Handing United Teachers Los Angeles a significant procedural victory, a state appeals court has overturned a landmark ruling challenging the contractual rights of teachers in Los Angeles Unified.
In 2010, Superior Court Judge William Highberger ruled that massive layoffs of teachers with limited or no seniority at three of the district’s lowest-performing middle schools had violated the constitutional right of students in those schools to an equal education. The layoffs of nearly two-thirds of the teachers in those schools had disrupted school improvement efforts and left students with substitute teachers for much of the year. Judge Highberger subsequently approved a settlement between the district and parents who brought suit that protected 45 schools from future teacher layoffs and required that no school in the district be disproportionately affected by a reduction in force.
But on Friday, with one judge dissenting, a three-judge panel of the 2nd District Court of Appeal ruled that Judge Highberger took an improper shortcut when approving a deal that violated the terms of the teachers’ contract. The court agreed with the union that it was entitled a full trial based on the issues raised in the lawsuit and sent the case back to Judge Highberger to conduct it. A third judge, in a dissent, ruled that Highberger had given sufficient attention to the issues and the union’s objections when he conducted a four-day hearing into the fairness of the settlement.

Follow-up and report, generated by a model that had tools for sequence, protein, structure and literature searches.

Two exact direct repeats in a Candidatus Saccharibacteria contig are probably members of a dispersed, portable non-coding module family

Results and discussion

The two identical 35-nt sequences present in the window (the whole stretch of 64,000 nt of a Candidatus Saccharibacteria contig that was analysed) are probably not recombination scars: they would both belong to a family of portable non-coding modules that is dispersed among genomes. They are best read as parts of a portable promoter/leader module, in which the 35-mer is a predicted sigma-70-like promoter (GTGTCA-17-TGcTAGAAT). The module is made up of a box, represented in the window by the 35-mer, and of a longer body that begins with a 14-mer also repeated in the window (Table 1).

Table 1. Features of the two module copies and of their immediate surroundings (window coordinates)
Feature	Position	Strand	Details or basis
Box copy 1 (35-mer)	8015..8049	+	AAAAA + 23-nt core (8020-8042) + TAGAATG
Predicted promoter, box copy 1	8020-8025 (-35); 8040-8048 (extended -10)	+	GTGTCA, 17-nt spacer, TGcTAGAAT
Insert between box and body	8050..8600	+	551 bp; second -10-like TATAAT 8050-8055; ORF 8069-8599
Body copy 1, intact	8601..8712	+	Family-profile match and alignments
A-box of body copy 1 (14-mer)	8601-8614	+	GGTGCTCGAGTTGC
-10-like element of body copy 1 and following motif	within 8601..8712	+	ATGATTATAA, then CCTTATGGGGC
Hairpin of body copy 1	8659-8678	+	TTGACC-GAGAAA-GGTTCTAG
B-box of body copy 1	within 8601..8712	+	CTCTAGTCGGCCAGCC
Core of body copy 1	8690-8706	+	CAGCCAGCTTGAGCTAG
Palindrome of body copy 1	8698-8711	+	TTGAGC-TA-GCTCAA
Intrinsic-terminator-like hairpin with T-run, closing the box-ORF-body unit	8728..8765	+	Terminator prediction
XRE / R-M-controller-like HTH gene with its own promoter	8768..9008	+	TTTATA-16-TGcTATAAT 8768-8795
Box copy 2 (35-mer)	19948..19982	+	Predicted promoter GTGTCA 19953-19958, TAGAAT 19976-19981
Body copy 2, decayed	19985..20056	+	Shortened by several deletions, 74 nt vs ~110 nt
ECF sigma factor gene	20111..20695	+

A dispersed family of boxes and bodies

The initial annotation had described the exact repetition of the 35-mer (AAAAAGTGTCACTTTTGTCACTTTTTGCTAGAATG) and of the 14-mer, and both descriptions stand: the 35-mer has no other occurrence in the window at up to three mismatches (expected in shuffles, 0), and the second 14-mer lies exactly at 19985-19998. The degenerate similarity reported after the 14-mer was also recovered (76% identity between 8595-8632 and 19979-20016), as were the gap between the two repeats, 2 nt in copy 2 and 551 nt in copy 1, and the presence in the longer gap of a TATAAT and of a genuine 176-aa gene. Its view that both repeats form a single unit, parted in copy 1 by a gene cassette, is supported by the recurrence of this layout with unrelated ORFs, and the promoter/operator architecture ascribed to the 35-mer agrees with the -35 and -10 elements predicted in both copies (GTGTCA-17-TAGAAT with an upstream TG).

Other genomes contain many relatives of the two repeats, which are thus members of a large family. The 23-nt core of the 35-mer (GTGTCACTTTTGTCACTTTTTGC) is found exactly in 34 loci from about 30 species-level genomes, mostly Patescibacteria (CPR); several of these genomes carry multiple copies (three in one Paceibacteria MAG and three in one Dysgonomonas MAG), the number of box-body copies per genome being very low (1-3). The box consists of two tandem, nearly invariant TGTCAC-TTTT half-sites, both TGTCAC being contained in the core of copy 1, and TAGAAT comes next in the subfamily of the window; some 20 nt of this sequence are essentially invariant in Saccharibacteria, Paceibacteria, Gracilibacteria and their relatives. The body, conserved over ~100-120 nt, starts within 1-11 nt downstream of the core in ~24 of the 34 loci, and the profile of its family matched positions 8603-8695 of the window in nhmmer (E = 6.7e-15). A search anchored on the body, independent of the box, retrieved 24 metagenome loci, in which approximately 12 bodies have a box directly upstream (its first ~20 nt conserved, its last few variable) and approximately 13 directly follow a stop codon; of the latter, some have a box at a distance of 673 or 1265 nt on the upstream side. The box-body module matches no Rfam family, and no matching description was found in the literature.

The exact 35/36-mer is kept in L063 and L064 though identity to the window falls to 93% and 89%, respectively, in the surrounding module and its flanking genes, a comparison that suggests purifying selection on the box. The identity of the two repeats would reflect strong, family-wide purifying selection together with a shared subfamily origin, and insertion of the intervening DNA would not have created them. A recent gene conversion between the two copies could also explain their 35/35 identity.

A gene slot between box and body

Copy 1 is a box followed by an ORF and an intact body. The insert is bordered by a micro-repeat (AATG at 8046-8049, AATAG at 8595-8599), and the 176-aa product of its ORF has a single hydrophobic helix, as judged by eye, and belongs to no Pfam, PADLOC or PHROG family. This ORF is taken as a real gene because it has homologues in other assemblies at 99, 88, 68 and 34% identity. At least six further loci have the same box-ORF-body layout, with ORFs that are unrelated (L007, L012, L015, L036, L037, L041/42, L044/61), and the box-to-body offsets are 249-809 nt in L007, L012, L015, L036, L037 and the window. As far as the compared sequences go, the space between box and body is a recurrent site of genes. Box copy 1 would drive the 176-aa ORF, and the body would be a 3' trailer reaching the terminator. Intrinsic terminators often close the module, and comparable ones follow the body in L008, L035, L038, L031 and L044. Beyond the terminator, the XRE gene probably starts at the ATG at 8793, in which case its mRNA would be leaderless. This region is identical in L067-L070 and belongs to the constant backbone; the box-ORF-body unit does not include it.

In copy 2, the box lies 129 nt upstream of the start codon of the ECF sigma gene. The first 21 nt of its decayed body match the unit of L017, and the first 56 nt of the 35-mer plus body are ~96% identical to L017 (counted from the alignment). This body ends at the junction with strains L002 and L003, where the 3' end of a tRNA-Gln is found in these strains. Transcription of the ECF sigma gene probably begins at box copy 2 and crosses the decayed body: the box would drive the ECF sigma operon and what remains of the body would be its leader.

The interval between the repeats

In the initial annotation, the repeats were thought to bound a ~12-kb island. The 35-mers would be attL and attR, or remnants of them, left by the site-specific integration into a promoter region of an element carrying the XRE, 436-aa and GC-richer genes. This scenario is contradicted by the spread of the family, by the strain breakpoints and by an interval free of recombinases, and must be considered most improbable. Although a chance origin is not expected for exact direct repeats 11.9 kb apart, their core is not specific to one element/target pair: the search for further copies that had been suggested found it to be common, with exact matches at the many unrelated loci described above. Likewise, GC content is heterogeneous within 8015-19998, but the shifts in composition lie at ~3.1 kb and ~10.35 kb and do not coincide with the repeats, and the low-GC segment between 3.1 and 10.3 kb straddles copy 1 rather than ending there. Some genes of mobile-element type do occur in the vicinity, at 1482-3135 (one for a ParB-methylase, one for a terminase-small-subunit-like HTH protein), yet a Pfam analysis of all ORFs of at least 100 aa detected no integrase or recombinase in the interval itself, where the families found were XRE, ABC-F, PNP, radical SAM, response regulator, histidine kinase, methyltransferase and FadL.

The two-judge majority didn’t decide whether Judge Highberger was correct in ruling that children’s fundamental right to an education can supersede the terms of a collectively bargained agreement; for now, the agreement in the Reed vs UTLA case, protecting the 45 schools from layoffs, will remain in effect.
However, the requirement for a full trial could significantly stretch out the time it would take to challenge a a seniority-based layoff. That’s why the lawyers for the parents in the Los Angeles case – Public Counsel Law Center and the American Civil Liberties Union of Southern California – say they will appeal the latest ruling to the California Supreme Court. “Our Supreme Court has a long history of respecting the constitutional rights of schoolchildren, and we’re hopeful they will hear this case,” they said in a statement.
UTLA praised the Court of Appeal decision and criticized the settlement that the district made in the Reed case in a statement on its web site.”The Reed settlement has proven to be a failed experiment at most of the campuses involved because it does nothing to address the underlying issues at high-turnover schools. It has also severely harmed hundreds of additional schools, triggering widespread displacements and layoffs at non-Reed schools.”
Superior Court Judge William Highberger’s 2010 ruling in the Reed vs. UTLA case
2nd District Court of Appeal ruling overturning the settlement in Reed vs. UTLA